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How to Form a Partnership

Written by:

Carolyn Young is a business writer who focuses on entrepreneurial concepts and the business formation. She has over 25 years of experience in business roles, and has authored several entrepreneurship textbooks.

Edited by:

David has been writing and learning about business, finance and globalization for a quarter-century, starting with a small New York consulting firm in the 1990s.

How to Form a Partnership

If you and one or more people are starting a business, you may want to form a partnership. But this is not a step to be taken lightly, as you’ll have to share management and decision making. 

Hopefully, you know your partners well and are able to trust them. But if not, you may want to perform a bit of due diligence to make sure you’re making a wise move. 

When you are ready to go ahead, forming a partnership involves several steps, which are all laid out for you and fully explained in this handy guide.

1. Select a Type of Partnership

There are three main types of partnerships.

General Partnership

A general partnership is simple to form and rarely requires registration with the state. All partners in a general partnership have an active management role. The partners and the partnership are one and the same, and profits of the business pass through to the partners based on their ownership percentages to be reported on their personal tax returns. However, much like in a sole proprietorship, because the partners and the partnership are one and the same, the partners are liable for the debts and obligations of the business. Thus, if the business is sued or fails to pay its debts, the partners’ personal assets are at risk.

Limited Partnership

In a limited partnership, some partners are limited partners, meaning passive investors in the business with no management role. Other members are designated as the managing, or general, partners of the partnership. The active partners are liable for the debts and obligations of the business, while limited partners are not. Limited partnerships are still pass-through entities, so profits, again, pass through to the partners to be reported on their personal tax returns. Limited partnerships must be registered with the state for the personal liability protection of limited partners to apply.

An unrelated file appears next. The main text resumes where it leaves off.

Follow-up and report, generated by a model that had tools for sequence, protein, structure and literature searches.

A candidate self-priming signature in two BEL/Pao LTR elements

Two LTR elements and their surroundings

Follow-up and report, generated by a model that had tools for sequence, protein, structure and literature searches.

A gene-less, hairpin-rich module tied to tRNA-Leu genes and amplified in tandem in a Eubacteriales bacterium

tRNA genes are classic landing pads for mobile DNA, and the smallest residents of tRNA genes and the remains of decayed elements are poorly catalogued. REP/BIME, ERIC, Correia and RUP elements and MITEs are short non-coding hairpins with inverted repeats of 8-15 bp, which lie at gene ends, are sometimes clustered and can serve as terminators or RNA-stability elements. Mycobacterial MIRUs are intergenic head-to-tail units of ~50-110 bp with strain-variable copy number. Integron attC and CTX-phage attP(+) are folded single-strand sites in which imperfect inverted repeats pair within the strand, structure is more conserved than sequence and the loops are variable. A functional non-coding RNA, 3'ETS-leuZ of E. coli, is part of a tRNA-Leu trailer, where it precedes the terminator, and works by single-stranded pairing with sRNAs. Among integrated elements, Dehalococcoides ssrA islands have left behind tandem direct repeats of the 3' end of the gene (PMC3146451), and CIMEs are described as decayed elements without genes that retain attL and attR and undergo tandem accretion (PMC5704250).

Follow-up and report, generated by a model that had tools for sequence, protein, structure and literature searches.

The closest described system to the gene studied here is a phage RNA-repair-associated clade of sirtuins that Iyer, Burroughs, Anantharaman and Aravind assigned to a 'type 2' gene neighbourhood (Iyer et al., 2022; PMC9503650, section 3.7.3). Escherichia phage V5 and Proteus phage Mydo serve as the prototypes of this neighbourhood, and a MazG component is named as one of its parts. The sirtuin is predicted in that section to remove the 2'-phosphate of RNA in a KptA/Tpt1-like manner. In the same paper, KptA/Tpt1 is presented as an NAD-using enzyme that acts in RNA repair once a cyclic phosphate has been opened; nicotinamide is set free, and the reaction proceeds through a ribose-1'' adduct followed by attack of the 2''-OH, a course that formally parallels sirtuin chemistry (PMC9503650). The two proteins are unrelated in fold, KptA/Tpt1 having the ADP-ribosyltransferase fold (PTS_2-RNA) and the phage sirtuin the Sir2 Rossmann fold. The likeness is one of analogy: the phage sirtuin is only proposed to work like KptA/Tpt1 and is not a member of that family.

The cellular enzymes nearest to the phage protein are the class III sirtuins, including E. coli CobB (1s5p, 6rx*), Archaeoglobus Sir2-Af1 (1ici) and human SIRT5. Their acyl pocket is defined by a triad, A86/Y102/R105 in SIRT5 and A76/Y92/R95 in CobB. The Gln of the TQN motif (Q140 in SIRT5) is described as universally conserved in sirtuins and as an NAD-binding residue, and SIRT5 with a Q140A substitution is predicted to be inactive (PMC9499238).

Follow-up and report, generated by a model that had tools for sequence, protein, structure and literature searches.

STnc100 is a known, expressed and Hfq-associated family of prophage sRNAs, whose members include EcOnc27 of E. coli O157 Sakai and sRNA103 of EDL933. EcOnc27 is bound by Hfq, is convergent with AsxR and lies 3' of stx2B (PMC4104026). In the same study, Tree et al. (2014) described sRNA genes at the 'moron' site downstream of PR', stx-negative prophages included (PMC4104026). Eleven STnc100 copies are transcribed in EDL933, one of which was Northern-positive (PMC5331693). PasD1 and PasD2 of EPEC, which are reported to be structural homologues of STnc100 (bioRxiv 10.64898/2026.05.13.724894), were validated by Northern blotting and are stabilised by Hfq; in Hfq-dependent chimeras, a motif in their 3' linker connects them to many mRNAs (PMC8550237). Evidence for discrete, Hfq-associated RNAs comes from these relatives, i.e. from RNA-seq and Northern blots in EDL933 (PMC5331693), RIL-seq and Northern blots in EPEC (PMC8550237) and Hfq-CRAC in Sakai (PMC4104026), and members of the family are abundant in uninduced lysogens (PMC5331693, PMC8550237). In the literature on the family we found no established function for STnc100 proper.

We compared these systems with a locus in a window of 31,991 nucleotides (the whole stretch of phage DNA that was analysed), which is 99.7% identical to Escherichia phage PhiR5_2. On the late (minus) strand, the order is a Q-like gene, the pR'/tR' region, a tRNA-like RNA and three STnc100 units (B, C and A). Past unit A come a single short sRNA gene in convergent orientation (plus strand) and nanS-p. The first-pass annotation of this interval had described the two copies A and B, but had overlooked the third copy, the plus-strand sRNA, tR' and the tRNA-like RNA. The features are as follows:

Limited Liability Partnership (LLP)

An LLP is registered with the state and has certain filing and reporting requirements. In an LLP, all partners have an active role in the management of the business, and they are commonly formed by professional businesses such as accounting or law firms. Generally, LLP partners have personal liability protection for claims against the LLP. However, a partner can be personally liable for his or her own mistakes, while the other partners are not. LLPs are not recognized in all states.

2. Select a Partnership Name

Usually, partnership names are a collection of the surnames of the partners, such as “Thomas, Brown, and Root”. If you want to do business under another name, you can register a “doing business as” or DBA name with your state. Every state has its own DBA procedure.

3. Create a Partnership Agreement

No matter which type of partnership you form, you should have a partnership agreement. Some states require one for limited partnerships and LLPs. A partnership agreement defines ownership percentages, partner roles and responsibilities, ownership transfer, partner removal and more. It’s best to have an attorney involved in drafting your partnership agreement. 

4. Register Your Partnership (If necessary)